Colin Longworth - Psychologist & Counsellor
Apart from Depression, Anxiety and Stress,
other areas of professional interest include:
Family of origin Issues
From a combination of work and life experience I have come to realize that not everyone had an uneventful childhood like mine.
Some of the issues that individuals might bring to me as a Psychologist and Counsellor include;
One or both parent’s being either;·
- Physically absent – where the parents might be divorced, separated or deceased, or “Single Mums or Dads”, or who had parents who were so busy working to put food on the table and keep a roof over their heads they didn’t have much time for their children;
- Emotionally absent and not giving the child the physical and emotional support they needed to grow up as well adjusted adults;
- Physically or sexually abusive to their child or children.
Although well intentioned, the parents may have had their own;
- Mental health issues;·
- Alcohol or other drug addictions;
- History of physical and or sexual abuse or neglect as children;
- Situations where “the fickle finger of fate” dealt them a difficult life;
That meant they could not give their children the love and attention the developing child needed.
There is any number of variations of the sorts of situations described (or not described) above.
Although counselling cannot change the past, it is possible to look at history with an “adult eye” and assist the person to look at their experiences in a new way.
This is not to ignore what has happened in the past, but to try to help the client to feel more comfortable with what has happened or not happened and try to reduce the impact on their current life.
Gay and Lesbian Concerns
An Australian academic, Dennis Altman has written that:
"Our gayness is not something like skin colour, or sex, or infirmity, apparent to both us and others. We have to discover our homosexuality, and having discovered it, we have a wide range of options, hardly available to others who are stigmatized, as to how we should reveal our stigma." (Homosexual Liberation and Oppression, 1971, p. 14.)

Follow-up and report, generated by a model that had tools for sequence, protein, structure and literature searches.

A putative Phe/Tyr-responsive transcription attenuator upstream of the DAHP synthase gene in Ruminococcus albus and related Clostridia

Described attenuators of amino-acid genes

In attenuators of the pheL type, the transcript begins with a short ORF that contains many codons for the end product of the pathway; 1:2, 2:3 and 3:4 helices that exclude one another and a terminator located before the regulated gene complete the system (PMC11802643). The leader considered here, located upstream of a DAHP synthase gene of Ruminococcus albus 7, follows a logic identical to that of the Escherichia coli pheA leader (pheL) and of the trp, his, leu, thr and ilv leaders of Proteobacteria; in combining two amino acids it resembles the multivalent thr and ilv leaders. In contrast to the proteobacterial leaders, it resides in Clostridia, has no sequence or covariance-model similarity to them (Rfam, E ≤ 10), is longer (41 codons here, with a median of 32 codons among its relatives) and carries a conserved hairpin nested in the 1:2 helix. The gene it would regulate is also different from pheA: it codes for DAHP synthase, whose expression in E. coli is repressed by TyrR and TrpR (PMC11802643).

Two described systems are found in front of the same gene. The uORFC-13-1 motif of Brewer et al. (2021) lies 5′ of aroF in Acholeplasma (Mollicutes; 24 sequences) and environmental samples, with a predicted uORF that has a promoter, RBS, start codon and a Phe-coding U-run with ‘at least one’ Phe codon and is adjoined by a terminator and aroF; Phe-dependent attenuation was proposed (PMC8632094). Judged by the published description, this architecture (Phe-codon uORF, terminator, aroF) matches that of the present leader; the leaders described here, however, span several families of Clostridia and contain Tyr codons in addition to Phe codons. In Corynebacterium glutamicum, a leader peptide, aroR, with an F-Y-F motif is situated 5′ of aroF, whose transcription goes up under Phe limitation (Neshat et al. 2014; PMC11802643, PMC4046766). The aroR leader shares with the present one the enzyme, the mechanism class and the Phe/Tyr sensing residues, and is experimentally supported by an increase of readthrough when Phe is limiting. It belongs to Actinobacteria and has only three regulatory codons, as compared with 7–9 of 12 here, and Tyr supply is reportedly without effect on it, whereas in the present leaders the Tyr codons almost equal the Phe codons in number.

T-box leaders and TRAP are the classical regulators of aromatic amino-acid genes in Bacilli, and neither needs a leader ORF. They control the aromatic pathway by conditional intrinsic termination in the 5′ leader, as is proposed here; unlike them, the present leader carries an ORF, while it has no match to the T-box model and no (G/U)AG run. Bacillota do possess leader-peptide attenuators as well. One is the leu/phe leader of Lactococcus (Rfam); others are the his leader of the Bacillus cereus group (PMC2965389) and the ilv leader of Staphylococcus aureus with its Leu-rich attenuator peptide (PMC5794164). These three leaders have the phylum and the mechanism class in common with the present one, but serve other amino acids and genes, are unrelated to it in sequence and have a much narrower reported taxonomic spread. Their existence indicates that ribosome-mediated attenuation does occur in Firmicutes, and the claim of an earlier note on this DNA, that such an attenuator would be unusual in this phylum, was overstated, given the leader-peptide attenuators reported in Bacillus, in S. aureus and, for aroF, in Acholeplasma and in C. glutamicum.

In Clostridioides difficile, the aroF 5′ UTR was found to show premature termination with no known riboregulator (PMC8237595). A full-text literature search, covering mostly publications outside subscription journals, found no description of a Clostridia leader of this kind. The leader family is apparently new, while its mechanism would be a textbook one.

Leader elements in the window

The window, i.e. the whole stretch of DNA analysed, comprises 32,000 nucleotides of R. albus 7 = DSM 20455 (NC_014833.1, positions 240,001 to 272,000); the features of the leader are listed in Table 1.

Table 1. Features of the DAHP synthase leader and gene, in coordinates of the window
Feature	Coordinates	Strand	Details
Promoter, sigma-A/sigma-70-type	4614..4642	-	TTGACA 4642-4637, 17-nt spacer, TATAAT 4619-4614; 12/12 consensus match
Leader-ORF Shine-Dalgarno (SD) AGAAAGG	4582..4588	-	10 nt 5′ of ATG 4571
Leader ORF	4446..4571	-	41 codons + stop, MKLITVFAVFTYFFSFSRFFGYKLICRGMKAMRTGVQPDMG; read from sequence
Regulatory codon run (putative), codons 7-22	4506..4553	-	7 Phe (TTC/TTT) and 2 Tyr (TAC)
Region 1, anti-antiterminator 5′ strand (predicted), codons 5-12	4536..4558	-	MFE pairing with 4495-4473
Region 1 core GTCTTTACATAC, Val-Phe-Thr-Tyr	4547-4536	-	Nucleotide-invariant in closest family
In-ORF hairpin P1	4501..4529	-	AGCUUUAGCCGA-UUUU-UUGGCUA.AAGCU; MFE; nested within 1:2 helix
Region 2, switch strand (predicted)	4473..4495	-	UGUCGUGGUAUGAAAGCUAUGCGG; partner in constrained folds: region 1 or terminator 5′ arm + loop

This difference or being the Gay/Lesbian branch on the family tree could mean, or result in;
- Depression or Anxiety (a result of “less than equal” treatment)
- Wanting to develop a Gay/Lesbian support network away from “the scene”?
- Wanting to explore - How will I meet Mr/Ms Right?
- Dealing with issues about discrimination or less than equal treatment
- Feeling the need to hide who you really are in the workplace or other settings
- Wanting to reduce internalized Homophobia or heterosexism
- Feeling guilty about being Lesbian or Gay or thinking that it's "wrong"
- Concerns about responses of family, friends, or your church to “coming out”
- Conflicts between cultural or religious beliefs and homosexuality
- More general fears about “coming out”
- Social isolation from other Lesbians and Gay men
- Alcohol or other drug addiction
Apart from the “usual” things people go to see a counsellor or psychologist about....
Archie Roach - Walking Into Doors - This video on YouTube is what it's all about.
Domestic Violence is not about, or the same as “Anger Management” because Domestic Violence is directed towards a person with whom the “offender” is in a close intimate relationship (definitely not a “stranger")
Usually working on Domestic Violence involves looking at attitudes, beliefs and behaviours
This can include looking at the offenders actions, while trying to separate the actions from the person.
For example instead of thinking (and possibly saying) "You are a bad person!" look at the offence as an otherwise good man (usually) engaging in bad behaviour.
Anger Management is about learning to express your disagreement, frustration etcetera in a socially acceptable way. It can also be about working out if your anger is really justified? Learning to use a better way to respond to something you don’t like, can be another part of learning to manage anger.
In the case of intimate relationships this can also be about creating a situation where both parties feel safe to express disagreements, disappointments and the like, without fear of physical or emotional violence.
The Duluth Model is a widely used way of looking at Domestic Violence and identifies how domestic Violence involves a number of parts to it, not just the physical "violence".
As noted elsewhere on my website, I was for a while, running groups for men who have engaged in Domestic Violence and were required or "mandated" to attend these groups (usually for 24 weeks) by the courts.
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